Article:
On November 30, a class of UNC undergraduates will share their research into the University’s World War II policies toward Japanese American students in a free public program at the Wilson Special Collections Library.
“Taking a Stand: UNC’s Admissions Policy on Japanese Americans during World War II,” will begin at 5:30 p.m. in the Pleasants Family Assembly Room. Starting at 5 p.m., attendees will be able to view a display of historical documents from the Library’s collections.
The students in Prof. Heidi Kim’s English 360 class spent the semester examining the historical record to build a picture of this episode in University history. During the War, Japanese Americans were incarcerated without trial. Members of the UNC community, including President Frank Porter Graham and the Franklin Street Presbyterian Church, faced fierce opposition as they sought to help college-age Japanese American students continue their education.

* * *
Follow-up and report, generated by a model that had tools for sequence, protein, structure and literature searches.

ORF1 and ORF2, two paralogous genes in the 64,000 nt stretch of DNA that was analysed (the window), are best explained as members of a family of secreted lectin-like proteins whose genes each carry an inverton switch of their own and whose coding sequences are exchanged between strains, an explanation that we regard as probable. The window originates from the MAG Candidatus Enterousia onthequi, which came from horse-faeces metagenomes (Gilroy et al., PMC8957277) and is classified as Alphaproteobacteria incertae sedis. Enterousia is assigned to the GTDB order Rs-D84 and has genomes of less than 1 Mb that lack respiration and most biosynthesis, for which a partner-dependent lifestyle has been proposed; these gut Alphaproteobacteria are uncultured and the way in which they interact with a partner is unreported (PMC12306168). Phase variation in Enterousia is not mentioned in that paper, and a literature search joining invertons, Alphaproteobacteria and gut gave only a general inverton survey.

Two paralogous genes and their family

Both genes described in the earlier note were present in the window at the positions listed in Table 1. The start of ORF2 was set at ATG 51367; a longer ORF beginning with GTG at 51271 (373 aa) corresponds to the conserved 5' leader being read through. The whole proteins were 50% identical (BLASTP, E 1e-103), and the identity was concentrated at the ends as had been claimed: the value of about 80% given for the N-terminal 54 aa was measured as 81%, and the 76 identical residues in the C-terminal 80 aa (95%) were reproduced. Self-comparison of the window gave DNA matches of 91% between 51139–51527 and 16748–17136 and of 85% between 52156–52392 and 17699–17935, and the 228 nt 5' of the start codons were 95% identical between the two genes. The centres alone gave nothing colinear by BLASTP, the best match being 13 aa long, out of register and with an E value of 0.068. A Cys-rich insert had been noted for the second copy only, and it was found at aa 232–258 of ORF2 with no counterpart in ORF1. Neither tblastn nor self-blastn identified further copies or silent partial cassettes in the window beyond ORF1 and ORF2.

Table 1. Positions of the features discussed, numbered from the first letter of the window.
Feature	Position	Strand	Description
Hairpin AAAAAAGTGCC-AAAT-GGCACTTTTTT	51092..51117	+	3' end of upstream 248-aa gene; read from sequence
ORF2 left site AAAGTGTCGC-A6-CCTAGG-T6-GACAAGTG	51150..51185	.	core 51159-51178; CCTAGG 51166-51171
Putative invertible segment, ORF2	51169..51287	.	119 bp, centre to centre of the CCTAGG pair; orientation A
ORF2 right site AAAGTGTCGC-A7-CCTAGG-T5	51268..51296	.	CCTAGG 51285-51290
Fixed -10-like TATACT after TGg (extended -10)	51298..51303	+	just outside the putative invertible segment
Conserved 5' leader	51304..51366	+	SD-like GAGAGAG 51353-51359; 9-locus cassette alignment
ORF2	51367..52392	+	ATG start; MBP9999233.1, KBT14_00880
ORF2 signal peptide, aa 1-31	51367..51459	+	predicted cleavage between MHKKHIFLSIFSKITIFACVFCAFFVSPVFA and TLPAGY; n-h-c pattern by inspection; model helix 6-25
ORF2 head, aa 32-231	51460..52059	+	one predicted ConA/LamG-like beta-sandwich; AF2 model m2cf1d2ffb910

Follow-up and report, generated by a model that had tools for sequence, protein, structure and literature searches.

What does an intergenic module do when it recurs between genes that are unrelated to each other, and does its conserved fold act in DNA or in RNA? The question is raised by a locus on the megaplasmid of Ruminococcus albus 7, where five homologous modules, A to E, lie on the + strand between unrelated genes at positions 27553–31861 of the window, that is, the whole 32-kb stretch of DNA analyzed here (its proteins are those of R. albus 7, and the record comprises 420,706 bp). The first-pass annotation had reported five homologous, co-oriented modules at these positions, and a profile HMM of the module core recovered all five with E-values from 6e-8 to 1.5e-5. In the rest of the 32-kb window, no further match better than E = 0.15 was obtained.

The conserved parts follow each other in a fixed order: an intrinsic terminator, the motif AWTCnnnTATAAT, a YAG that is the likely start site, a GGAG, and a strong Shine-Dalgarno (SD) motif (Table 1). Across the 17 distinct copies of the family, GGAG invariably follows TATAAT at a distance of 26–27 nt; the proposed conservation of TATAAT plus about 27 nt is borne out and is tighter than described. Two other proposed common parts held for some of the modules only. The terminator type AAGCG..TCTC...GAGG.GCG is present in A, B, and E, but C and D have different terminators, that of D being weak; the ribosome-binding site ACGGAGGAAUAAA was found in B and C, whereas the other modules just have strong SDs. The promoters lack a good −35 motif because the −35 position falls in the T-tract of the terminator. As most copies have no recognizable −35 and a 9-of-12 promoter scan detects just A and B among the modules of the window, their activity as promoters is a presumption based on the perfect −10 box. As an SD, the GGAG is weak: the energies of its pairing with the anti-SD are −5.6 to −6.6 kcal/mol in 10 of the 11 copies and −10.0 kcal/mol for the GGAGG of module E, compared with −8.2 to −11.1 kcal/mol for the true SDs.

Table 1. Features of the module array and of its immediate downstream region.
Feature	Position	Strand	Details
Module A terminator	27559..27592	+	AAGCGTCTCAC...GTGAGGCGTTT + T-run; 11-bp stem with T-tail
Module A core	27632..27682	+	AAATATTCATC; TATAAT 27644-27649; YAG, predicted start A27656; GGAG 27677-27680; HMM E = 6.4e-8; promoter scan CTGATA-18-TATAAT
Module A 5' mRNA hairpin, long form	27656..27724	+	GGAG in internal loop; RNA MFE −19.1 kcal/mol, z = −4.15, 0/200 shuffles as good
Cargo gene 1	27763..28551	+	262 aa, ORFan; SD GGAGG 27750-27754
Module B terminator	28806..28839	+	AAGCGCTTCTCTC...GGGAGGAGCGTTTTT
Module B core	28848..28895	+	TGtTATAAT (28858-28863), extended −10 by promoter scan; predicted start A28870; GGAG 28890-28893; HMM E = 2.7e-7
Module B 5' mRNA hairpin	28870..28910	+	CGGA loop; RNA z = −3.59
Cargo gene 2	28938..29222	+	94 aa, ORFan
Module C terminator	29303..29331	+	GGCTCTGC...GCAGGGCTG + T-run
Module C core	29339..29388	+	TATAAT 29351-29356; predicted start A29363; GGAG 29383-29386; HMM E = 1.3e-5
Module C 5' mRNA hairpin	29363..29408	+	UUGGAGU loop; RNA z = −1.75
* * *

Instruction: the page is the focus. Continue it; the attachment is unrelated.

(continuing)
“These students have done wonderful work on an unknown aspect of UNC’s history, “ said Kim. “Nobody, not even experts, was aware that UNC had a role in the Japanese American college student placement program.”
Taking a Stand: UNC’s Admissions Policy on Japanese Americans during World War II
With members of Prof. Heidi Kim’s English 360 class
Monday, November 30, 2015
Display viewing at 5 p.m.; program at 5:30 p.m.
Wilson Special Collections Library
University of North Carolina at Chapel Hill
Free and open to the public
Information: Liza Terll, Friends of the Library, (919) 548-1203